Episode 2



When the “Founding Fathers” declared independence from British rule in 1776, Thomas Jefferson wrote, “We hold these truths to be self-evident, that all men are created equal, that they are endowed by their Creator with certain unalienable rights, that among these are life, liberty and the pursuit of happiness.” But at that time, half of the 2.5 million people living in the colonies were enslaved. How did the Revolutionists reconcile their notions of equality with the widespread system of slavery. And what about the enslaved people in the 13 colonies? What were they thinking, feeling and doing during this time? Surprisingly, over 15% of the Revolutionary Army was made up of enslaved Black people. Why did they risk their lives for a cause that denied them those very same rights? Fast forward to modern time, and the question still reverberates of why so many people of color and indigenous folks risk their lives for a country, that some would argue, denies them life, liberty and the pursuit of happiness. In 2017, over 43% of the United States’ active duty military were minorities. That same year, the Enlist Act was introduced in Congress which would automatically give Dreamers a lawful entry status and a pathway to citizenship, if they enlisted in the military. Was that a noble concession or an exploitation of Dreamers’ desperation and fear? Is slavery abolished or are we still in bonds today? And lastly, what is the obligation of a grateful nation to its soldiers, especially when those soldiers are not even citizens?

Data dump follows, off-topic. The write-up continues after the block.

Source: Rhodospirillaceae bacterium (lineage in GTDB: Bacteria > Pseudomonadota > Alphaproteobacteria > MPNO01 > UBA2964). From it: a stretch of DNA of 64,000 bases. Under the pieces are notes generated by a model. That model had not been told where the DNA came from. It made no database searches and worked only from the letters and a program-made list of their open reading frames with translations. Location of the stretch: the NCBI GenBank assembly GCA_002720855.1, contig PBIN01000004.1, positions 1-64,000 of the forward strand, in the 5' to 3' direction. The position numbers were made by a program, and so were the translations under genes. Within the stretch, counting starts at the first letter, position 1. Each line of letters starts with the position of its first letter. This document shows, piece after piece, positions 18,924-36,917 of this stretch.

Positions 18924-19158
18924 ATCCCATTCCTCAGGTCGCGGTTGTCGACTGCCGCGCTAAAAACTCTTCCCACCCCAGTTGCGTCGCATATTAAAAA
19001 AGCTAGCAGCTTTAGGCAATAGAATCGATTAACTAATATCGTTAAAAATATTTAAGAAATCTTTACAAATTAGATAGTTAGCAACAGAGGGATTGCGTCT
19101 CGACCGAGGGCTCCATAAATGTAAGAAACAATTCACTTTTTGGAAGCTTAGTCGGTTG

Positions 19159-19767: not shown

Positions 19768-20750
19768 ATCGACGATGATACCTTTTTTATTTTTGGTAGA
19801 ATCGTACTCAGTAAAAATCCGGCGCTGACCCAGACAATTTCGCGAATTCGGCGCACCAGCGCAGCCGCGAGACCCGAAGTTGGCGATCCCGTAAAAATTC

Experts: Professor Andrew Delbanco, Alexander Hamilton Professor of American Studies at Columbia University and the author of The War Before the War: Fugitive Slaves and the Struggle for America's Soul from the Revolution to the Civil War; Felicia Escobar, Former Obama Administration Official; Manisha Sinha, Assistant Secretary of State for Economic and Business Affairs; Dr. Nneka D. Dennie, Assistant Professor of History at Washington and Lee University; Milteri Tucker, Milteri Tucker Concepcion, Founder and CEO of Bombazo Dance Co, Inc


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